It seemed as if 2020 was destined to represent a year of hardship, illness, and death in the wake of a still simmering COVID-19 pandemic – not to mention its impact on the economy. Then, a white police officer in Minnesota was filmed with his knee on the neck of George Floyd, an unarmed black man, who died. That officer, along with three others present, was charged with murder. And a fuse was lit that erupted into street protests which were largely peaceful with some acts of violence in cities around the country.
This scenario – white police officer killing an unarmed black man – is an all-too familiar one here in the United States…but this time, people took to the streets both here and around the world. And a growing list of powerful brands, including a few in our industry, are stepping forward to take a stance on the issue.
See which brands are taking on racism…
Over the last few days, a series of brands have come forward to issue statements on the death of George Floyd and resulting protests. Most of these brands are huge, public companies who feel compelled to make their position known to their employees, customers, and the community at large.
One of the first to take a public stance was Nike. Just five days after the incident, Nike released an ad making their case for change. That ad was titled, For Once, Don’t Do It…a play on their marketing slogan, Just Do It.
For Once, Don’t Do It
The ad says,“For once, don’t do it. Don’t pretend there’s not a problem in America. Don’t turn your back on racism. Don’t accept innocent lives being taken from us.”
Advertising Age says that, “The spot, ‘For Once, Don’t Do It,’ encourages people to stop being silent and making excuses, and instead to be part of the change.” You can see the Nike ad at this link…
“Nike has a long history of standing against bigotry, hatred and inequality in all forms. We hope that by sharing this film we can serve as a catalyst to inspire action against a deep issue in our society and encourage people to help shape a better future.”Nike statement on the matter
More Brands Join the Discussion
Since then, a large number of other brands have also come forward to decry systemic racism, including Amazon, Facebook, McDonalds, Microsoft, Netflix, Spotify, YouTube, Disney, and the NFL. Others, like Sony for example, have delayed product launches, cancelled events, and participated in Blackout Tuesday – a day where business as usual was stopped in protest.
Many companies are launching advisory councils (like GM for example), engaging in communications with community leaders (Target), and donating money to social causes related to racial injustice (YouTube $1 million, Facebook $10 million, and many more.)
CTA Calls for ‘Equal Justice’ and ‘Equal Opportunity’
The Consumer Technology Association released a statement attributed to its president and CEO Gary Shapiro. We show it in part below…
“The killing of George Floyd, along with other recent incidents, is heartbreaking and abhorrent. We must move toward equal justice and equal opportunity in our nation. We have come a long way, but we have far to go. Our diversity can and must be our national strength.Gary Shapiro, President & CEO, Consumer Technology Association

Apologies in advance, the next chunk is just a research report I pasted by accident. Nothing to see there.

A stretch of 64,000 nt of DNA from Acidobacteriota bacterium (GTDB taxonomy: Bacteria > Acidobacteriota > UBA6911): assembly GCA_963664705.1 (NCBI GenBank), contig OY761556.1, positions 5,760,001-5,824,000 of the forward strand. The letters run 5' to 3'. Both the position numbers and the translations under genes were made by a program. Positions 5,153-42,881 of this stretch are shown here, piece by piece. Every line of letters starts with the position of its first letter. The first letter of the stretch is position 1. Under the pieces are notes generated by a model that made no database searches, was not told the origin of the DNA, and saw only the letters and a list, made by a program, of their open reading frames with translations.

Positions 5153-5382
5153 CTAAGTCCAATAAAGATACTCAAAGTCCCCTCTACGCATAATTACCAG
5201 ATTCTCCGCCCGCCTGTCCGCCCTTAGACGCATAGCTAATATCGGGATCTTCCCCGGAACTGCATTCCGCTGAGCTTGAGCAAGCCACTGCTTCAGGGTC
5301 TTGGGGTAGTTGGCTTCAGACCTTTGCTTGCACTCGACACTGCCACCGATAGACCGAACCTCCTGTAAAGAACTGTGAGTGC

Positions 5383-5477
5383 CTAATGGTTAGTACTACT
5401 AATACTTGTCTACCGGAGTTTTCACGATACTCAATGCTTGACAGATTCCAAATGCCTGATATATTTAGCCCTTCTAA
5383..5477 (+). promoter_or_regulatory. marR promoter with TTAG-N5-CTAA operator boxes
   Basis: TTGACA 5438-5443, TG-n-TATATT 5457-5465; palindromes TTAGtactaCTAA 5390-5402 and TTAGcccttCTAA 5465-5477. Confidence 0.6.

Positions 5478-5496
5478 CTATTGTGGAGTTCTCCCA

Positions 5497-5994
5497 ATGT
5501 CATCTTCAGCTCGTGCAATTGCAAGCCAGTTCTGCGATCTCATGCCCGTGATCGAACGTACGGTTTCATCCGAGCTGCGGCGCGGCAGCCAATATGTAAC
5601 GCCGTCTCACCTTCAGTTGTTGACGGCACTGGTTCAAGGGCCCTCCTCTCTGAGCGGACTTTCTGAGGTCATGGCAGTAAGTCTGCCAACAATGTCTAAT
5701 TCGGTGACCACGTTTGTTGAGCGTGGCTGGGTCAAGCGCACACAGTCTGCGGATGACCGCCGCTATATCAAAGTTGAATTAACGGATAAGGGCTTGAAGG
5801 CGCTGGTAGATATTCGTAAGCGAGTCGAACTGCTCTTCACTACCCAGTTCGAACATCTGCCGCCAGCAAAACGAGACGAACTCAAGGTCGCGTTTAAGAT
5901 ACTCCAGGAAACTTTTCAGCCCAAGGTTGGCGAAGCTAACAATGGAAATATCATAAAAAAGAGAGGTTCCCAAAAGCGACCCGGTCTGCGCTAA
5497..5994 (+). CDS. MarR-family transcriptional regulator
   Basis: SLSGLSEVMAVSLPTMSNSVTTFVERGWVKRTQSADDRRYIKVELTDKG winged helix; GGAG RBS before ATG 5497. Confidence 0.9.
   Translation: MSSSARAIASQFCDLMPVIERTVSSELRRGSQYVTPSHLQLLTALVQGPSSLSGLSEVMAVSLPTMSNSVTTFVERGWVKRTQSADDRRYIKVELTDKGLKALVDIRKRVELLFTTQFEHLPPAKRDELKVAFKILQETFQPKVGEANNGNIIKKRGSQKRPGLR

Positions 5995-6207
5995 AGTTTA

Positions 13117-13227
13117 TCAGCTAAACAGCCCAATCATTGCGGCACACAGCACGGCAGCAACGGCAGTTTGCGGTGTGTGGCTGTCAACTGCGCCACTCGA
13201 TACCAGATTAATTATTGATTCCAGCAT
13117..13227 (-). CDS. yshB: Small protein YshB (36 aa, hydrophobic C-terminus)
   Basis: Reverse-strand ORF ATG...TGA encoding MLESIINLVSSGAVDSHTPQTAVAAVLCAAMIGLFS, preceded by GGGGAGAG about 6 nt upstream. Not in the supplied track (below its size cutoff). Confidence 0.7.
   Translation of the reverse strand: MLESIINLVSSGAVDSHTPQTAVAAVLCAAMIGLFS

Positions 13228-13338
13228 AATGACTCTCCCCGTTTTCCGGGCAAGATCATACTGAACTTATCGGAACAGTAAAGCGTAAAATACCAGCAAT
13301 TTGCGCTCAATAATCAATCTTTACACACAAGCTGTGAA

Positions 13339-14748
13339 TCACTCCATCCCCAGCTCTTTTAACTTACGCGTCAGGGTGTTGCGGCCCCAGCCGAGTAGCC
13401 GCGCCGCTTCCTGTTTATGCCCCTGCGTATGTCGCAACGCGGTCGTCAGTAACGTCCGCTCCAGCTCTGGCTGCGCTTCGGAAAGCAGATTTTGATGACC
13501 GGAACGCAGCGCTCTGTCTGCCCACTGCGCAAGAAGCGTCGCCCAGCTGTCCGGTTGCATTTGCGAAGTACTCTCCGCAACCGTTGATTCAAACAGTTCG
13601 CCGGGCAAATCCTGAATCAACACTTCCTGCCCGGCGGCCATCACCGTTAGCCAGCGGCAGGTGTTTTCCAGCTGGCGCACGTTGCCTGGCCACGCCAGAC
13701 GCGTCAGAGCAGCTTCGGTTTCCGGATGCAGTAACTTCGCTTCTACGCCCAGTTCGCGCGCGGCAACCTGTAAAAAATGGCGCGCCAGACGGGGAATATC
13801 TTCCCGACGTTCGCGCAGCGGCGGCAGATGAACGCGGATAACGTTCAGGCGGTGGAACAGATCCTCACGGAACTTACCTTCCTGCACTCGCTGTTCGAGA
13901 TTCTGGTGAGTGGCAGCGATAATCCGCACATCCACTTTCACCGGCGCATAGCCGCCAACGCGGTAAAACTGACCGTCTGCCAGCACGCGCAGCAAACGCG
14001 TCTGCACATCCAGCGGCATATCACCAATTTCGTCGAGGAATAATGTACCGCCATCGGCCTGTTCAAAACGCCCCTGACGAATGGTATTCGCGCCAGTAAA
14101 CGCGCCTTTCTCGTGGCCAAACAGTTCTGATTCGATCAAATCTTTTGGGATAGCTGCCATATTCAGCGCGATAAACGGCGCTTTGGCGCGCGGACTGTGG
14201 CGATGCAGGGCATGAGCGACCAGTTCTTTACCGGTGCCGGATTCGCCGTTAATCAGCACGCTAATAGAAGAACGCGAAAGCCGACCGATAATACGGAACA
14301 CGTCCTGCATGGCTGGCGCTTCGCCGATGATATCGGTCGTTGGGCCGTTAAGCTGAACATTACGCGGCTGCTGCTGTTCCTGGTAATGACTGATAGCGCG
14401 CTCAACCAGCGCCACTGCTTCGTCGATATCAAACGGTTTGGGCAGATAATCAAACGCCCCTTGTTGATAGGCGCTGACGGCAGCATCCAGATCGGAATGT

“We stand with those fighting racism and will use the power of innovation to educate, strengthen communities and create economic opportunity. We cannot succeed unless we move beyond our legacy of discrimination and fully use the talents of all American people.”
You can see the entire Shapiro statement here…
Best Buy CEO Sets a Plan for Real Change
Perhaps, one of the best examples I’ve seen from our industry is a letter from Corie Barry, the CEO of Best Buy. Based in Minneapolis, MN, Best Buy is located at ground zero for this triggering event and Barry’s ten paragraph letter comes off as heartfelt and sincere.
Barry starts by saying, “We are, I believe, in one of the toughest times in our country’s history, as we continue to battle a deadly pandemic and the resulting economic havoc while, once again, coming face-to-face with the long-term effects of racial injustice. Watching tens of thousands take to the streets to speak out against fear and inhumanity is, on one hand, inspiring for the commitment it represents and, on the other, heartbreaking for its profound need.”
Where to Start? Start Here, Best Buy CEO Says
But where do we start to address this? “For me, it starts with seeing the situation for what it is, acknowledging these experiences for what they are and, quite simply, apologizing for not doing enough. As important, it includes committing the company I lead down a path of systemic, permanent change in as many ways as we can find.”
With that, Barry laid out a series of steps the company would implement to pursue real, concrete change. Other companies have taken some heat for not delineating the actual steps they would take to make a positive contribution to change, making some of these efforts look much like a PR ploy. Best Buy avoided that fate by offering concrete steps.
You can read the entire Best Buy statement here: Page 1… Page 2
Yamaha Says ‘We Have the Power to Come Together’
Finally, we saw this email marketing piece from Yamaha Music (which includes their AV electronics division), with a statement that both issues a strong condemnation of racism and seeks to turn towards optimism by saying, in part, “That we have the power to be better.”
“Dear (insert brand name here),
“I have no interest in your or your employees’ views on political and social issues. I do business with you because you provide a good product at a good price. Please stay in your lane. If you continue to virtue signal with your opinions on matters unrelated to your product, be assured that I will take my business elsewhere.”